Searching For Open Captions On The Road

I recently read an article stating that NYC is the most accessible city in the United States for people with hearing loss, and that may be true, but every time I travel to London, I am blown away by the level of hearing access. Whether it is the ubiquitous looped taxis, the hearing loops at every museum counter and information booth or the variety of open captioned performances available, I see hearing loss access everywhere I go. Even my London Walks guide asked if anyone had trouble hearing him to please move to the front of the group or wave a hand at him to let him know. I did so with pleasure.

Living With Hearing Loss

During my most recent visit to London, I was lucky to attend two open captioned performances — in the same week! One was at the National Theater  (Sunset at the Villa Thalia) and one at Shakespeare’s Globe Theater (The Taming of the Shrew). Both would have been a non-starter for me without the captions given the actors’ accents and the complexity of the productions. The accommodation helped me to thoroughly enjoy both shows.

Coming from the U.S., I was not sure I would be eligible for the hearing access / open captions program in the U.K., but it was not an issue. I easily found the access form online (each theater had a different one), filled it out and emailed it in. Once the theater confirmed receipt, I was able to call to book and pay for my tickets in the open captioned area. I had wonderful seats with a clear view of the stage and the captions — and the tickets were even discounted!

The National Theater also emailed me a detailed synopsis of the show the day before the performance. I didn’t read it because I wanted to be surprised by the story, but it was useful afterwards to fill in any small details I might have missed.

Interestingly, when I asked the concierge at my hotel if he was aware of any open captioned performances available for the week I was visiting, he didn’t know what I was asking. This is a shame since I imagine many visitors to the hotel could have benefited from these types of performances. It goes to show how much education about hearing loss is still required everywhere.

If you plan to visit London, follow this link to find a list of upcoming open captioned performances. In New York City, check out Theater Development Fund’s TAP program to find open captioned performances. I recently attended two such performances on Broadway and enjoyed them both.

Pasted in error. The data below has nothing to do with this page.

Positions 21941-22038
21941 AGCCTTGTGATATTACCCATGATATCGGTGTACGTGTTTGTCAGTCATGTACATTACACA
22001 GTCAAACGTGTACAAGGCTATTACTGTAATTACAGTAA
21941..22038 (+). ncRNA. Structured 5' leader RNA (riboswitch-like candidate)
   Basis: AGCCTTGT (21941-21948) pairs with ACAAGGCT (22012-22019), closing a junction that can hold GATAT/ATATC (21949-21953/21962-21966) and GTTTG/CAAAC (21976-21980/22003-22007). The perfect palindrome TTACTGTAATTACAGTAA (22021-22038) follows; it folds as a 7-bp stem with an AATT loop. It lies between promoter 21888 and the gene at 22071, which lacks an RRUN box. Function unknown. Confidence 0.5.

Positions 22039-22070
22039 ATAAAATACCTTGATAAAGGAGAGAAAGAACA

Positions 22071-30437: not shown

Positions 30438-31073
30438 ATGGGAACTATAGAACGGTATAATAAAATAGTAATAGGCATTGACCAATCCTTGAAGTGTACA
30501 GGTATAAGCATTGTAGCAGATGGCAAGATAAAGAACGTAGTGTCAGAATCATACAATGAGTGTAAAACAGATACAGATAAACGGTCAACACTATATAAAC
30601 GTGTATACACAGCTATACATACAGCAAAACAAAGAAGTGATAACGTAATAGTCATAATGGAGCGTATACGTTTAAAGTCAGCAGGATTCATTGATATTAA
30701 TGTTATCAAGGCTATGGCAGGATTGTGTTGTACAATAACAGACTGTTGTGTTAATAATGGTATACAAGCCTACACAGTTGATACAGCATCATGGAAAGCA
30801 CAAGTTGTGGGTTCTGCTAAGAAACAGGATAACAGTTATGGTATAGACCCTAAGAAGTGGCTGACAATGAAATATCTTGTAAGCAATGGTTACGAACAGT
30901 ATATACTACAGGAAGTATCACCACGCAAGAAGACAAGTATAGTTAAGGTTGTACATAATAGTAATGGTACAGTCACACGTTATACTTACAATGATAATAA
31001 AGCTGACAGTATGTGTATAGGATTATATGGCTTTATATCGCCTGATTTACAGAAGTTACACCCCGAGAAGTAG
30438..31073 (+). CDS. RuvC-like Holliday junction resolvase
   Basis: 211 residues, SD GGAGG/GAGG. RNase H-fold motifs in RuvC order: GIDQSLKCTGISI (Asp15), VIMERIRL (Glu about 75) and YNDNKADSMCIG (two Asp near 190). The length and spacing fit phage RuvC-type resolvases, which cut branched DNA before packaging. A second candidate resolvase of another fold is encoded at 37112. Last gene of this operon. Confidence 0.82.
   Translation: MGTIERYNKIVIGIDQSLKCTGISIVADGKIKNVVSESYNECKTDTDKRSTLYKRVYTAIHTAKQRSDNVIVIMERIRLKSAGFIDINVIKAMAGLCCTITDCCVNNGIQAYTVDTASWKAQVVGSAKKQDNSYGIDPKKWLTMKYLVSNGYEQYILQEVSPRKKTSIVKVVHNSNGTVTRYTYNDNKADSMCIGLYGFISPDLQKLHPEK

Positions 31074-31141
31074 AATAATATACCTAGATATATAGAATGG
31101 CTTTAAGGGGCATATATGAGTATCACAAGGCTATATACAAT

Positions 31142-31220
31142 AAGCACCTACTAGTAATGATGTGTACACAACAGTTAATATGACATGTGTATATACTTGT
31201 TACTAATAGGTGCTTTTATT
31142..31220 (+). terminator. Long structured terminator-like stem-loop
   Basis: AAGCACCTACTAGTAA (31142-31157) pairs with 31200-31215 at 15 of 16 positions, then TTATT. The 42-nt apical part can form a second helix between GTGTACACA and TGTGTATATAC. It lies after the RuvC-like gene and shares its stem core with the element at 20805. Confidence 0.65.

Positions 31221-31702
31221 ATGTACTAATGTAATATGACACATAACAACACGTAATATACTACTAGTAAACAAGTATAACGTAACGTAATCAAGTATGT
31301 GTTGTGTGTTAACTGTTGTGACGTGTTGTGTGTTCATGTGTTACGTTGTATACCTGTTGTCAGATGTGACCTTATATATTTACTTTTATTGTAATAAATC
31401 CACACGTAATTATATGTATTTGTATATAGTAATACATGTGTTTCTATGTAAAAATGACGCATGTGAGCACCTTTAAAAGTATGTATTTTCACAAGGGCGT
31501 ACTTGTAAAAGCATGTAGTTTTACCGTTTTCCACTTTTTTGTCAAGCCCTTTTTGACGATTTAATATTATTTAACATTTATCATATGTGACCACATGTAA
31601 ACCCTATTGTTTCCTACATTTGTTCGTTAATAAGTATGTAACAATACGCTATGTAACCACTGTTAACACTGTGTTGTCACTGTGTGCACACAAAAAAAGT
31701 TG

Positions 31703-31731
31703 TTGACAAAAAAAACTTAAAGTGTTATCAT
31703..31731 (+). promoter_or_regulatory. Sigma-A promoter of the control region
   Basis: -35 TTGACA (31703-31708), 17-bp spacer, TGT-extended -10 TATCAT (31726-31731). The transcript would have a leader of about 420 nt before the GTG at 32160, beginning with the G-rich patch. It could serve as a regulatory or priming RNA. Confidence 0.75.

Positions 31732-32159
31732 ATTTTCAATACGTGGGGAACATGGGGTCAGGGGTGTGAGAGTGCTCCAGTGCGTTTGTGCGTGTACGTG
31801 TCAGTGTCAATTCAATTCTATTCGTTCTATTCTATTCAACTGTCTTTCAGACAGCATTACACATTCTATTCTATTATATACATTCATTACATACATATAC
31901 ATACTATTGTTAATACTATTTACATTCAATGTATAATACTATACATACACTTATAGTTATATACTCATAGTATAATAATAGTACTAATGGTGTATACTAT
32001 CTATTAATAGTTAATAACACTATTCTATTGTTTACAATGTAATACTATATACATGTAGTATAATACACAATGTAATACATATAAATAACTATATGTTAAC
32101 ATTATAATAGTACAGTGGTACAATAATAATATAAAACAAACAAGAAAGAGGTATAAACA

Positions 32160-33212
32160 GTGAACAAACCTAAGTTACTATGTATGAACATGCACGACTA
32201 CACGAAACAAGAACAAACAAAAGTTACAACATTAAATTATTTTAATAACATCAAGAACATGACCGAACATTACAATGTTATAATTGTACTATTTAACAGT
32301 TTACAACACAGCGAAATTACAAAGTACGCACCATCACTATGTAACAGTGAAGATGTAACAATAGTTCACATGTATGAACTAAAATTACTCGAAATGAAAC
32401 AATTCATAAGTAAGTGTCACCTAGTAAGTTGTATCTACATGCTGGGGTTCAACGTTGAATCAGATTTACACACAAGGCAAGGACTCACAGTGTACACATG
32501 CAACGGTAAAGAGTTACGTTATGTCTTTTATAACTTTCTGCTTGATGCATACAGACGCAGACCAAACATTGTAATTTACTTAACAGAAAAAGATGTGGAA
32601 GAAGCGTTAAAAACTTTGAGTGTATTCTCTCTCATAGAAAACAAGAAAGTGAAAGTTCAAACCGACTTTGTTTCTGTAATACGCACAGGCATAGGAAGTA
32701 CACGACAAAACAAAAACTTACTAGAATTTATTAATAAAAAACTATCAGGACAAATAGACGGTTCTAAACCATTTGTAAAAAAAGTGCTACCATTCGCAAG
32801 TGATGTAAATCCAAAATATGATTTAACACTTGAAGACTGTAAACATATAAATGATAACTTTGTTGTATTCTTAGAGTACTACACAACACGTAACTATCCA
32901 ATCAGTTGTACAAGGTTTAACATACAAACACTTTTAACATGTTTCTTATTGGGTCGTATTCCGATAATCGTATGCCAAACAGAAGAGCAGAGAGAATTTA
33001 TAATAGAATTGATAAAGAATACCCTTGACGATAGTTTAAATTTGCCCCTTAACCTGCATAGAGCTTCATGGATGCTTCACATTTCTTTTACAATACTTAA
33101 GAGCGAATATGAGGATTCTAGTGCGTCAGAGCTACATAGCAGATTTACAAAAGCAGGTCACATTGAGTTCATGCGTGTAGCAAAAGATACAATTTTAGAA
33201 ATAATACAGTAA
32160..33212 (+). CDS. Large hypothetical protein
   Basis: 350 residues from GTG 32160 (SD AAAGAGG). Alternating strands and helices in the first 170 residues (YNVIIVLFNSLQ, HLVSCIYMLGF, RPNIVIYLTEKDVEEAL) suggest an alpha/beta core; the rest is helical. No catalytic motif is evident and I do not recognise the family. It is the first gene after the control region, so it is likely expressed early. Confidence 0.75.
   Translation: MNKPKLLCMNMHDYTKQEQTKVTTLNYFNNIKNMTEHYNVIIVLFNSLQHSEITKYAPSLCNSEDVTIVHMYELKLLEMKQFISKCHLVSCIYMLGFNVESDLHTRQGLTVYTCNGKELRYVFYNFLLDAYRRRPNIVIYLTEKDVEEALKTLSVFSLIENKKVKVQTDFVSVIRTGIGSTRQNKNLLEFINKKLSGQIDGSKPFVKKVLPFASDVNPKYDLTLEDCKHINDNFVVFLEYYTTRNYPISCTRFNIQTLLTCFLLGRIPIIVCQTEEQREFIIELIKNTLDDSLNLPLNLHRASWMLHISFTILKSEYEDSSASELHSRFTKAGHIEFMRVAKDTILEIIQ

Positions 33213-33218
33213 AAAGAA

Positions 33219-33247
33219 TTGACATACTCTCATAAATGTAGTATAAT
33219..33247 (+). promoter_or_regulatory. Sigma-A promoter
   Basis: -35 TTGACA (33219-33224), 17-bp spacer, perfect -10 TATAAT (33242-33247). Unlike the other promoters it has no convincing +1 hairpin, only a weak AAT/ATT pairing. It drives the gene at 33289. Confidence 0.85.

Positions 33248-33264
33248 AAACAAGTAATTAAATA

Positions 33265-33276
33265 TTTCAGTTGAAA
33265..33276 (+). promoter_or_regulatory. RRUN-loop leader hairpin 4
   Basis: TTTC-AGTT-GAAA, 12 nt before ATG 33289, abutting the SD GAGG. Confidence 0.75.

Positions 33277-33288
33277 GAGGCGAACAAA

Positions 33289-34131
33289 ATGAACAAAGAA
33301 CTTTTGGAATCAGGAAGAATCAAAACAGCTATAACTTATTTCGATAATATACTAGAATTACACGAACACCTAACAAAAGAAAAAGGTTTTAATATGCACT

Readers, do you seek out open captioned performances when you travel?

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11 thoughts on “Searching For Open Captions On The Road

  1. We are going to Spain the end of the month. Have no idea what is available there. We will be on an escorted tour. I asked about accommodations from the tour operator and they said they have individual headsets for the tours. Have never used them before so I’m not sure how that will work out.

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    • Individual headsets should mean that the tour guide uses an FM system. The tour guide will have a bodypack transmitter which will send a wireless signal to your personal receiver that the tour company will provide you with. This receiver will come with headphones for your to wear. If this is the case, you will “hear” better than anyone else in the group NOT using the system.

      Also, if your hearing aids have a manual T-Coil and you have your own person neckloop; bring the neckloop with you as you may find that you can plug the neckloop into the receiver the tour company provides you with.

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      • Thanks – didn’t think to bring my neckloop. I’ll definitely do that.
        Not sure what you mean by the first paragraph. My hearing loss is too severe to use a headset without my aids. And sometimes you get feedback from using headphones with hearing aids.

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  2. Just returned from trip to Cape Cod. Arranged in advance for Holiday Inn Hyannis to provide smoke detector, vibrating alarm clock and door knocker for my room. Our tour guide for 4 days always made an effort to face me when talking. JFKennedy Museum provided print transcript of their video and Cape Cod Canal Museum put their captioned video on at my request.
    We need to ask wherever we go to make places aware of the need for these services.

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